Posts tagged not quite jurassic technology

The Museum of Endangered Sounds
On the other side of the Internet Brendan Chilcutt is gathering sounds from a not so distant past. Think the spinning of a blank cassette tape, the processing of a floppy disc, the 8-bit voice of a Speak and Spell, all presented as animated gifs.
Via Chilcutt:

I launched the site in January of 2012 as a way to preserve the sounds made famous by my favorite old technologies and electronics equipment. For instance, the textured rattle and hum of a VHS tape being sucked into the womb of a 1983 JVC HR-7100 VCR. As you probably know, it’s a wonderfully complex sound, subtle yet unfiltered. But… imagine a world where we never again hear the symphonic startup of a Windows 95 machine. Imagine generations of children unacquainted with the chattering of angels lodged deep within the recesses of an old cathode ray tube TV. And when the entire world has adopted devices with sleek, silent touch interfaces, where will we turn for the sound of fingers striking QWERTY keypads? Tell me that. And tell me: Who will play my GameBoy when I’m gone?

Imagine!
We love ourselves the collector’s passion, and that someone, somewhere, has taken it upon himself to organize the buck, ping and hum of the electronics we grew up on.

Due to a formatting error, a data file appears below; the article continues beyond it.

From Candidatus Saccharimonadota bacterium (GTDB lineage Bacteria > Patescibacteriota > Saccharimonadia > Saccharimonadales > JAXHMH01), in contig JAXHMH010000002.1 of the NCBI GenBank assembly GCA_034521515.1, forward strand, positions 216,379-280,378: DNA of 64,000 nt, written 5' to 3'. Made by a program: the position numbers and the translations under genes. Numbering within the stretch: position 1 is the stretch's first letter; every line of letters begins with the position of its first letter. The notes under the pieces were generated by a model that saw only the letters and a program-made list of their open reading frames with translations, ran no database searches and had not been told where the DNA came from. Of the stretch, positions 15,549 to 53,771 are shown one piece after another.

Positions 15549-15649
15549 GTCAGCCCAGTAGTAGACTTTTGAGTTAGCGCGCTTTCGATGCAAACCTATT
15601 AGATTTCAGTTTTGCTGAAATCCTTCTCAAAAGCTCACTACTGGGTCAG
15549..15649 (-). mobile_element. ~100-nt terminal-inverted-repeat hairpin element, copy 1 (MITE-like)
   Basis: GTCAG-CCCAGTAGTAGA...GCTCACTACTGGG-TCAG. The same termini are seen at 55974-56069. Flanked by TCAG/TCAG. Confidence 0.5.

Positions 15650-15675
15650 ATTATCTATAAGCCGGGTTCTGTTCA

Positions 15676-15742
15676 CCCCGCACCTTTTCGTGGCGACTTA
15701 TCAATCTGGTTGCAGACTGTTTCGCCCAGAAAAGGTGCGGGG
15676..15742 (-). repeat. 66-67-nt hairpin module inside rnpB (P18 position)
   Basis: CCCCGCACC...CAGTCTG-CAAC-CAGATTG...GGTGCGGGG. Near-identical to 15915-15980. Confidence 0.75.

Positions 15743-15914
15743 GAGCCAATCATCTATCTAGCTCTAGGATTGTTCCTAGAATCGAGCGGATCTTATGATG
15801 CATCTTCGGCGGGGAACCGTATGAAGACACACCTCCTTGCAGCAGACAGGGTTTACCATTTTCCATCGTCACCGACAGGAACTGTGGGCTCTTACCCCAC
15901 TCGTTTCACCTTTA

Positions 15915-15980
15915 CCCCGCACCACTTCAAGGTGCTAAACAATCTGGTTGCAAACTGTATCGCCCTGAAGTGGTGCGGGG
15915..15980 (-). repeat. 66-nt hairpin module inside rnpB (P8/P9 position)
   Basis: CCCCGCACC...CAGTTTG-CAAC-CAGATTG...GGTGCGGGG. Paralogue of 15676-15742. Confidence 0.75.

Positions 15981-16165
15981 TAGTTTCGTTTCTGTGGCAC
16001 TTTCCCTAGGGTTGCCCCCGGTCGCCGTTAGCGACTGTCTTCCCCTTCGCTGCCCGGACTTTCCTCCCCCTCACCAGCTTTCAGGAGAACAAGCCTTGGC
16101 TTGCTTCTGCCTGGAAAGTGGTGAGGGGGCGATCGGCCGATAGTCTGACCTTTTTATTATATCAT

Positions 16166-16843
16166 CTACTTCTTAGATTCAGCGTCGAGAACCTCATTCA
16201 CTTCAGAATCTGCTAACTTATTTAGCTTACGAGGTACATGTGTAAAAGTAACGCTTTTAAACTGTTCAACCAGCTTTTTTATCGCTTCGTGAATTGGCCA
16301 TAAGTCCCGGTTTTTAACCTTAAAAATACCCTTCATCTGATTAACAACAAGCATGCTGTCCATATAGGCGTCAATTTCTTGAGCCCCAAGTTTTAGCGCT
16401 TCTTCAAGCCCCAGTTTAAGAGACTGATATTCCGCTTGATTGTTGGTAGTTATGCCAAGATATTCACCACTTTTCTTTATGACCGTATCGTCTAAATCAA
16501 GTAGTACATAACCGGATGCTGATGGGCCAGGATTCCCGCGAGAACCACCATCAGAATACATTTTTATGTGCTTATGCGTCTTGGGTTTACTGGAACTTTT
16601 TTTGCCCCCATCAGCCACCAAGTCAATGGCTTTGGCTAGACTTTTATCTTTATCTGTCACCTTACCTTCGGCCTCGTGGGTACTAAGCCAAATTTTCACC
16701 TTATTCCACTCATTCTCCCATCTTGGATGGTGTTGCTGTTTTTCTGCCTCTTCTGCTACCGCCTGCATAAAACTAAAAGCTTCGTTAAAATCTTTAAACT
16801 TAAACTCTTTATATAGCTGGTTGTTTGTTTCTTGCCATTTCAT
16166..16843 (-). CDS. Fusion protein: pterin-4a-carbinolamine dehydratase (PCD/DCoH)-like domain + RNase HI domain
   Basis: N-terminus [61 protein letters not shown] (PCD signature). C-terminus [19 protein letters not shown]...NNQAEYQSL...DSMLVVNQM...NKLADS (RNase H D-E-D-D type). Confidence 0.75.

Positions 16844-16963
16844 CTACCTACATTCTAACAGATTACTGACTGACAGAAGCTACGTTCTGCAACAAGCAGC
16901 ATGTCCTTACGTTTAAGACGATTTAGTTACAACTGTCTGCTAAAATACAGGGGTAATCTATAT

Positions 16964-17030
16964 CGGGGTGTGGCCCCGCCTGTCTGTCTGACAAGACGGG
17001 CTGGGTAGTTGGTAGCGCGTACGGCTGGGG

The Museum of Endangered Sounds.

The Museum of Endangered Sounds

On the other side of the Internet Brendan Chilcutt is gathering sounds from a not so distant past. Think the spinning of a blank cassette tape, the processing of a floppy disc, the 8-bit voice of a Speak and Spell, all presented as animated gifs.

Via Chilcutt:

I launched the site in January of 2012 as a way to preserve the sounds made famous by my favorite old technologies and electronics equipment. For instance, the textured rattle and hum of a VHS tape being sucked into the womb of a 1983 JVC HR-7100 VCR. As you probably know, it’s a wonderfully complex sound, subtle yet unfiltered. But… imagine a world where we never again hear the symphonic startup of a Windows 95 machine. Imagine generations of children unacquainted with the chattering of angels lodged deep within the recesses of an old cathode ray tube TV. And when the entire world has adopted devices with sleek, silent touch interfaces, where will we turn for the sound of fingers striking QWERTY keypads? Tell me that. And tell me: Who will play my GameBoy when I’m gone?

Imagine!

We love ourselves the collector’s passion, and that someone, somewhere, has taken it upon himself to organize the buck, ping and hum of the electronics we grew up on.

The Museum of Endangered Sounds.